A Ugandan court jailed a prominent academic on Friday for 18 months on cyber harassment charges stemming from a Facebook post that included sexually explicit criticism of long-ruling President Yoweri Museveni. The verdict drew the ire of rights activists who accused the government of using laws about electronic communications to stifle political dissent. Stella Nyanzi, a university lecturer and researcher who once called Museveni “a pair of buttocks”, has drawn the government’s wrath for her attacks on him. Her commentary, laced with profanity, is posted on her Facebook page and often shared widely by her followers. She attended her sentencing session in a court in the centre of the capital Kampala via video link from a maximum security prison by the shores of Lake Victoria on the city’s outskirts. Nyanzi shouted vulgarities and flashed her breasts and a double middle finger on several occasions during the session. Her offence stemmed from a Facebook post last year in which she said she wished Museveni, 74, had been burned up by the “acidic pus” in his mother’s birth canal. “My presence in your Court as a suspect and prisoner highlights multiple facets of dictatorship. I exposed the entrenchment of autocracy,” she wrote in her most recent post, a poem about her court case. “I refuse to be a mere spectator in the struggle to oust the worst dictator.” Joan Nyanyuki, director for East Africa at human rights pressure group Amnesty International, said: “This verdict is outrageous and flies in the face of
Kyadondo East member of parliament Robert Kyagulanyi aka Bobi Wine has officially announced his presidential bid in the 2021 elections. Since turning to politics about two years ago, the musician-cum legislator has often remained coy about his presidential ambitions, usually giving half answers on the matter. But today, at his home in Magere, Gayaza, Kyagulanyi said he’s ready to take on long time President Yoweri Museveni. Museveni has been in power since bombing his way to power in 1986. His closest challenger has always been Rtd Col Kizza Besigye in elections that have often been marred by rigging and several electoral violations as confirmed by courts in 2016, 2011 and 2015. Besigye and Kyagulanyi have been in talks over the 2021 elections. “On behalf of the people of Uganda, I am challenging you [Museveni] to a free and fair election in 2021…We’re ready to kick Museveni and his cronies out power in 2021 and I am very serious about this.” said Kyagulanyi. Kyagulanyi said he may not be the best educated and most knowledgeable opposition politician to take on Museveni, but he’s “a person who wishes the best for my country and the general citizenry.” “I am ready to challenge the current leadership in 2021 and I promise I will never at any time betray the people of Uganda.” he added. COORDINATORS At the same press conference, Kyagulanyi also announced a team of coordinators from across all regions in the country that will provide leadership ahead of the polls. The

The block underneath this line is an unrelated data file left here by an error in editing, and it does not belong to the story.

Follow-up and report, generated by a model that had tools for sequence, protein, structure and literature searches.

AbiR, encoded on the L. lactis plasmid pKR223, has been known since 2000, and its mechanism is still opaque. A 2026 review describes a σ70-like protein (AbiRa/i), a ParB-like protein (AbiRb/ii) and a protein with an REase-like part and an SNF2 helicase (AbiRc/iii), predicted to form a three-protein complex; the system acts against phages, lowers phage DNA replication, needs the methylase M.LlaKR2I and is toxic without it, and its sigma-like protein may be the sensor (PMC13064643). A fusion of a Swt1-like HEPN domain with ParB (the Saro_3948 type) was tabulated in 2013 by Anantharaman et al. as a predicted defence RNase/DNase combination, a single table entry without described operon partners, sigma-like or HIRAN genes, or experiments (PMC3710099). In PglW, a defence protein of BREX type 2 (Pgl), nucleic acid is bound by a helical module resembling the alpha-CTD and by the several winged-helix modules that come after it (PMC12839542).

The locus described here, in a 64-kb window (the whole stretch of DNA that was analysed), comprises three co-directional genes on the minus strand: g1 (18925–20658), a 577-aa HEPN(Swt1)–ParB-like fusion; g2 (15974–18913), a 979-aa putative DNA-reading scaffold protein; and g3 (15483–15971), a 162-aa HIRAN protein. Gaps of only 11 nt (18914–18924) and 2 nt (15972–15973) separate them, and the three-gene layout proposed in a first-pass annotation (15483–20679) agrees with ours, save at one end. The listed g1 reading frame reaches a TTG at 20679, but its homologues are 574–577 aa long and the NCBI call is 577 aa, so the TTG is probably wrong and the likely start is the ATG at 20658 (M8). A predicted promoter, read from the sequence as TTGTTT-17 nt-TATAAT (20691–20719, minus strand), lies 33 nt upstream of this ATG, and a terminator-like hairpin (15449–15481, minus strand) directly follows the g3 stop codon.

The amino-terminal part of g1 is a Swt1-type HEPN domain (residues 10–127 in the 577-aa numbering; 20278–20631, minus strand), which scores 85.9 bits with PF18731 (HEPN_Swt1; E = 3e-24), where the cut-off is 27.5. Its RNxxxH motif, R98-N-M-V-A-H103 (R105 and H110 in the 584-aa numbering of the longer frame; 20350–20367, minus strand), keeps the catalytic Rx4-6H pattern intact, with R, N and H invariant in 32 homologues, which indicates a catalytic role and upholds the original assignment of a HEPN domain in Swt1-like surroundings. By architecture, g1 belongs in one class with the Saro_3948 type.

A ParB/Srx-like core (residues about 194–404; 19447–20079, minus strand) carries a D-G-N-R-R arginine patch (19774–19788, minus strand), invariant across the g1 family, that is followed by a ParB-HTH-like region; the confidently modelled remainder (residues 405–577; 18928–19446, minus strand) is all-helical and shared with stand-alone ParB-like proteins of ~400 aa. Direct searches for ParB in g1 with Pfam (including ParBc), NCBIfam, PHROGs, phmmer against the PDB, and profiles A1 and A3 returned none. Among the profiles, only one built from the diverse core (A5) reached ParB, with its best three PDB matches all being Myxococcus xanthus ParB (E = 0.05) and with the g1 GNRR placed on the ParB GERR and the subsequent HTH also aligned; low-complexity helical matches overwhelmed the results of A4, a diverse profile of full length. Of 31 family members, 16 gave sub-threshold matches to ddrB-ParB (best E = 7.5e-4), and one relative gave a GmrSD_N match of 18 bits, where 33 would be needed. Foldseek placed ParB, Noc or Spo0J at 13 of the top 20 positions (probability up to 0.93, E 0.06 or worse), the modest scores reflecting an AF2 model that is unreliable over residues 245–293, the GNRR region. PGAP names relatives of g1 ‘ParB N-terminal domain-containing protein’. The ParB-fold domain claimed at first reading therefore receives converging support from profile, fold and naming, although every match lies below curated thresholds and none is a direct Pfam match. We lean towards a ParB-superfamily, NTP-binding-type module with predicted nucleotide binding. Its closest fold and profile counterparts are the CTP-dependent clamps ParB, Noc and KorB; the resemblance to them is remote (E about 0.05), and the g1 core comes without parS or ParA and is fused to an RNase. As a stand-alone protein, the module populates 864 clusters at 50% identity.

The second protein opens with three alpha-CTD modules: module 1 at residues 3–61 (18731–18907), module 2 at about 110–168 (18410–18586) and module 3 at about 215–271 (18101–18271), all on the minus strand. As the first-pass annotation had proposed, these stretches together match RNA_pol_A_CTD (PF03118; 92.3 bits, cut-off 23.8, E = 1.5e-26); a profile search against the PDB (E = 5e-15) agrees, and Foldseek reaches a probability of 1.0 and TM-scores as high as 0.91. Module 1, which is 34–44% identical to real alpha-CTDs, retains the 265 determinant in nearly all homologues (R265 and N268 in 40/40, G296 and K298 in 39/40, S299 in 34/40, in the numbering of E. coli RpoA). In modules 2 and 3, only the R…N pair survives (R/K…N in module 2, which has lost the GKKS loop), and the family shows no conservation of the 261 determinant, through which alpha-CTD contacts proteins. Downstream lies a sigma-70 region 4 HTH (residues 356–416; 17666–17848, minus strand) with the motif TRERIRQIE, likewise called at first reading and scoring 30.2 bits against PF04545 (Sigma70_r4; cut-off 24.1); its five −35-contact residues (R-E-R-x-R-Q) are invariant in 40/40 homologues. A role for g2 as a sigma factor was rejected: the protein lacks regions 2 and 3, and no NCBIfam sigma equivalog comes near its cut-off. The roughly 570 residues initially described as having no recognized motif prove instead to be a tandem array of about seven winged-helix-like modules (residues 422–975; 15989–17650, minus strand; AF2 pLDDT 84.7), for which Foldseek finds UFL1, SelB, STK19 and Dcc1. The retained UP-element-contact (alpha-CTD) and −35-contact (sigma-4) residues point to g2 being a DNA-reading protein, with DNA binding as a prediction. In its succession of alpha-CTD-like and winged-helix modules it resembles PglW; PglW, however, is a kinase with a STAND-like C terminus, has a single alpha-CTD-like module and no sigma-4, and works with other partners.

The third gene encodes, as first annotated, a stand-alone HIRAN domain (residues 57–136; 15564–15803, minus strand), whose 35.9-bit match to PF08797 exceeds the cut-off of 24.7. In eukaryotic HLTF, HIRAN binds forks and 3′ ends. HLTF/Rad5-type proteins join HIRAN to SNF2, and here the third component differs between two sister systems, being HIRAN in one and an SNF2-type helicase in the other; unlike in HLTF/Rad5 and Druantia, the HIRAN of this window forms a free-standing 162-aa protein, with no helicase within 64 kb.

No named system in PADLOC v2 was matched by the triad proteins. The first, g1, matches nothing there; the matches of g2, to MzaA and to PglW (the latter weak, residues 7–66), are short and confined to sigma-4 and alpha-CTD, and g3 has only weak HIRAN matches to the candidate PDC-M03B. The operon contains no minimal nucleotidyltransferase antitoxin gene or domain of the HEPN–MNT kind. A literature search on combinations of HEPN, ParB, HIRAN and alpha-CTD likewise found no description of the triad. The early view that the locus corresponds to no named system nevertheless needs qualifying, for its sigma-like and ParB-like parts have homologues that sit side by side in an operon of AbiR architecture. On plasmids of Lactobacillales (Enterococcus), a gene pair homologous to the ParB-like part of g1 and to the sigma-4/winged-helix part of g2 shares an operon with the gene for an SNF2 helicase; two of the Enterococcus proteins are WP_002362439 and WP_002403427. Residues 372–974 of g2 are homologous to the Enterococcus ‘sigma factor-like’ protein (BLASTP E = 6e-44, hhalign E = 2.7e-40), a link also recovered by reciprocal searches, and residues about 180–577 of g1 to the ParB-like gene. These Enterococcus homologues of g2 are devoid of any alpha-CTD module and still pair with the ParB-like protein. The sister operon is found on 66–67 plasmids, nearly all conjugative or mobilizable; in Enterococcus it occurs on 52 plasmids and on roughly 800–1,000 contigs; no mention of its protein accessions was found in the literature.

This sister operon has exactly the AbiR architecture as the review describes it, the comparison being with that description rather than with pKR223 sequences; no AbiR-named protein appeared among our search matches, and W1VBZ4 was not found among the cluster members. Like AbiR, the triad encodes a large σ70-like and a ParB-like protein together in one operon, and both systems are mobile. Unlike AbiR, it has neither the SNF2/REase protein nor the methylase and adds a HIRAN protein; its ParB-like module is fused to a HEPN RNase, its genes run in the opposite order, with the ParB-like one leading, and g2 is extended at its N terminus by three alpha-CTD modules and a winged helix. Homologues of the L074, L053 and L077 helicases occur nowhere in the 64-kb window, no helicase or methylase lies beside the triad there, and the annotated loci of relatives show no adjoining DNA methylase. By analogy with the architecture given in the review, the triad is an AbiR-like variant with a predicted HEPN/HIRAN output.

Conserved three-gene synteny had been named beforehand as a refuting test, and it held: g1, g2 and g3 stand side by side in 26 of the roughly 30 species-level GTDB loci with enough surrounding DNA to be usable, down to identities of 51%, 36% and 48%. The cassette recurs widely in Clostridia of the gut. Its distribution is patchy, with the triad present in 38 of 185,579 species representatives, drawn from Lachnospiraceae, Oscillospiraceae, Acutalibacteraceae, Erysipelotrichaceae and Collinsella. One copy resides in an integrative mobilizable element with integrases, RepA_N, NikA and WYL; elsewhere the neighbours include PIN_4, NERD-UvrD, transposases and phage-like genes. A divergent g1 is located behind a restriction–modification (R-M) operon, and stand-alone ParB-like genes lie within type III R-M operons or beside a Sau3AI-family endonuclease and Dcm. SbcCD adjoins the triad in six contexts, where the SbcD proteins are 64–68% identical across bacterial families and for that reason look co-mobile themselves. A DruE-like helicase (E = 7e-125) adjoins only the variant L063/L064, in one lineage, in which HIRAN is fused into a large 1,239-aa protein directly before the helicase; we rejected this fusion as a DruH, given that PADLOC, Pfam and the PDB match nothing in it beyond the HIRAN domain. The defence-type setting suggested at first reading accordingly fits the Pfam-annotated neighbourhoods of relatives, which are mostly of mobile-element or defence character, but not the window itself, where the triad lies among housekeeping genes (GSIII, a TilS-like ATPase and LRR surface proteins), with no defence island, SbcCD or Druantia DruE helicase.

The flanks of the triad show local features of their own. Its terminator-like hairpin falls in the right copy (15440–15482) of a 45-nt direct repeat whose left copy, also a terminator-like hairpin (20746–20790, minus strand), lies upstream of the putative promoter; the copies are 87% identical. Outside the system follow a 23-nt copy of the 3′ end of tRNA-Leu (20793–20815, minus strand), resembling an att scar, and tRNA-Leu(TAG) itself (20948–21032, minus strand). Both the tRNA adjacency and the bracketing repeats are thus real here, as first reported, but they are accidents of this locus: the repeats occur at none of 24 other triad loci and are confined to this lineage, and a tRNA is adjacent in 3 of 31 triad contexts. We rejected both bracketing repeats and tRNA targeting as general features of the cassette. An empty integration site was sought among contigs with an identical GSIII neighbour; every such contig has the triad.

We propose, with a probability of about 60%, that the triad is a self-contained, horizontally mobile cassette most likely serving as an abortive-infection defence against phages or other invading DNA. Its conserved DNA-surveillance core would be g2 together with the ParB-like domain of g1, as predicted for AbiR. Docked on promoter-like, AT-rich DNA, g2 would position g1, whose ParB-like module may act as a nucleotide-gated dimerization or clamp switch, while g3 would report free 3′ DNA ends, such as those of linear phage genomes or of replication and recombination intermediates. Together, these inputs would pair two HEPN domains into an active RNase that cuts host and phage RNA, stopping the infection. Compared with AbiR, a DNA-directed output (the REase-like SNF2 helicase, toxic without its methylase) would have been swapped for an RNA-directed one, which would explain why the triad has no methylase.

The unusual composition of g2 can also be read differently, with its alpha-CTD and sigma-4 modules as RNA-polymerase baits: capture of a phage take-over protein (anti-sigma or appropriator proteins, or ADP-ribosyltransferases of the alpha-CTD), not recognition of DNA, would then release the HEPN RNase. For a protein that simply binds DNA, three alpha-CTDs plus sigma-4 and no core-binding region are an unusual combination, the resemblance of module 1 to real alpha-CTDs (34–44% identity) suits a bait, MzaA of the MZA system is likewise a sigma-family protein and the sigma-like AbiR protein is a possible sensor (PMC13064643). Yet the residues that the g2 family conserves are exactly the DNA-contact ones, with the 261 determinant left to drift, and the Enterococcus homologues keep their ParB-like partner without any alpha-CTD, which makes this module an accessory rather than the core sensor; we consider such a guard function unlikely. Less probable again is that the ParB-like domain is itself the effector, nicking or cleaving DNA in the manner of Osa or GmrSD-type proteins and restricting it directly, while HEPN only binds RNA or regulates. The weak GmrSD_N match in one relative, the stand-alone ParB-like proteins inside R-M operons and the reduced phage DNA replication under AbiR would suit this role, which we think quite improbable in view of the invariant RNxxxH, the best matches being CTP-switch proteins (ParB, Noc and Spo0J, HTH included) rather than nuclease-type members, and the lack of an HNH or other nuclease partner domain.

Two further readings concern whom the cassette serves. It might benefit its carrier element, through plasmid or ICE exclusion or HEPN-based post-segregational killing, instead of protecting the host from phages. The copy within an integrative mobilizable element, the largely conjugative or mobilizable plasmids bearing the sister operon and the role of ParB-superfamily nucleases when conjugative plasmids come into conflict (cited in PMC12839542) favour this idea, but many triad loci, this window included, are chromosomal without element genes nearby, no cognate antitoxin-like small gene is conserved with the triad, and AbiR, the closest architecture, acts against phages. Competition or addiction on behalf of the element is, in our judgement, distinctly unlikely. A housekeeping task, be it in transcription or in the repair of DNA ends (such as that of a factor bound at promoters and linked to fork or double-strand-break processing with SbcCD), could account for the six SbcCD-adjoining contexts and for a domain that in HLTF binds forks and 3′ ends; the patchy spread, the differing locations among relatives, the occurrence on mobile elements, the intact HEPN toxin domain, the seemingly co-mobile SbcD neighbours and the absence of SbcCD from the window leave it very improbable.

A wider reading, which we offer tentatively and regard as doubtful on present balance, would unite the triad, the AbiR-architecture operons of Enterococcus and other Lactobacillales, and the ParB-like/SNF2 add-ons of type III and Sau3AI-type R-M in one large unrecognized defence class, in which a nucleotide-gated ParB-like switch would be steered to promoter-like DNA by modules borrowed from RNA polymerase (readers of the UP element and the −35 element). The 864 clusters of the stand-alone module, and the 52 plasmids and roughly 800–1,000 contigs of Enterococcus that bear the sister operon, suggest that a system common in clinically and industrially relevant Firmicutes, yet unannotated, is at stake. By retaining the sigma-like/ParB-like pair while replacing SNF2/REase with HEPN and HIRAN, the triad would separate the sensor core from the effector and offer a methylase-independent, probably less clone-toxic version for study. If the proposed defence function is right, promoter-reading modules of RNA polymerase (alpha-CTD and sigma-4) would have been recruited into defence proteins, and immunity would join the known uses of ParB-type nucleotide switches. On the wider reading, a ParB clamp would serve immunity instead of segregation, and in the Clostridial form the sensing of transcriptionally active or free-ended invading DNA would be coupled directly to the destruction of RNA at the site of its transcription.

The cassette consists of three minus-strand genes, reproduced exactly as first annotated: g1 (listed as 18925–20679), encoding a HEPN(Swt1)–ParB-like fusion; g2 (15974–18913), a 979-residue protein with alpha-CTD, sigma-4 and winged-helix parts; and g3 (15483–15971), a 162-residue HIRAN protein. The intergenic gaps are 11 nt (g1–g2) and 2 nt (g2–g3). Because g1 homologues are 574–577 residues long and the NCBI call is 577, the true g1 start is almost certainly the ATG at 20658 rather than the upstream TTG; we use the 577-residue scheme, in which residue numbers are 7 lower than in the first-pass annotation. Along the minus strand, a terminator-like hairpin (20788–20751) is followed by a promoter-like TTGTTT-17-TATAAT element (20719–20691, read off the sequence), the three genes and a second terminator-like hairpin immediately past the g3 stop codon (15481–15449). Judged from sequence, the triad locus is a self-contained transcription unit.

Ugandan pop star and opposition figure Bobi Wine said Monday he will challenge longtime President Yoweri Museveni in a 2021 election “on behalf of the people.” But Wine, whose real name is Kyagulanyi Ssentamu, said he is concerned about his safety after what he believes was an attempt on his life last August. His driver was shot dead in his car after protesters threw stones at the president’s motorcade. Wine’s arrest at the time sparked protests in Uganda’s capital, Kampala. The 37-year-old said he is fearful of harm from running for president because “there has never been a threat to this regime like the threat we pose to it today as a generation.” “I live every day as it comes, not being sure of the next day. I am not blind to the fact that the regime wants me dead and wants me dead as soon as possible.” Bobi Wine Authorities have repeatedly denied Wine is being targeted. As the leader of a popular movement known as “People Power,” Wine has captured the imagination of many who want to see the exit of Museveni, a U.S. ally on regional security who has held power since 1986 and looks set to seek a sixth term. Wine said his aim ahead of the election is “to multiply myself in various young men and women, so that there are as many Bobi Wines as possible.” Uganda has never witnessed a peaceful transfer of power since the East African country gained independence from Britain
Yoweri Museveni (Yoweri Kaguta Museveni) was born on 15 August 1944. Yoweri Kaguta Museveni became President of the Republic of Uganda on January 29, 1986 after leading a successful five-year liberation struggle. He went to the bush with 26 other young men and organised the National Resistance Movement and National Resistance Army (NRM/NRA) to oppose the tyranny that previous regimes had unleashed upon the population.
The push for Kampala started on January 17th from different parts of the central region. While General Salim Saleh was the field commander, Museveni was the overall commander. They captured power on 26th January, 1986.
With the Bulgarian weapons, “South Sudan arranged for Uganda to issue end-user certificates (the essential paperwork for an international arms transfer) … to make it look like these weapons were for the use of the Ugandan armed forces when in fact they were always destined for South Sudan,” said Mike Lewis, the head of regional operations for Conflict Armament Research.
Uganda’s government on Monday accused the European Union Parliament of meddling in its internal affairs after the legislator passed a resolution deploring the alleged torture of opposition politicians in the East African country. “For EU parliament to pass a resolution asking the courts of Uganda to drop charges is inconceivable…we see this as a premeditated attempt to hijack and subvert our institutions,” government spokesman Ofwono Opondo told a news conference on Monday.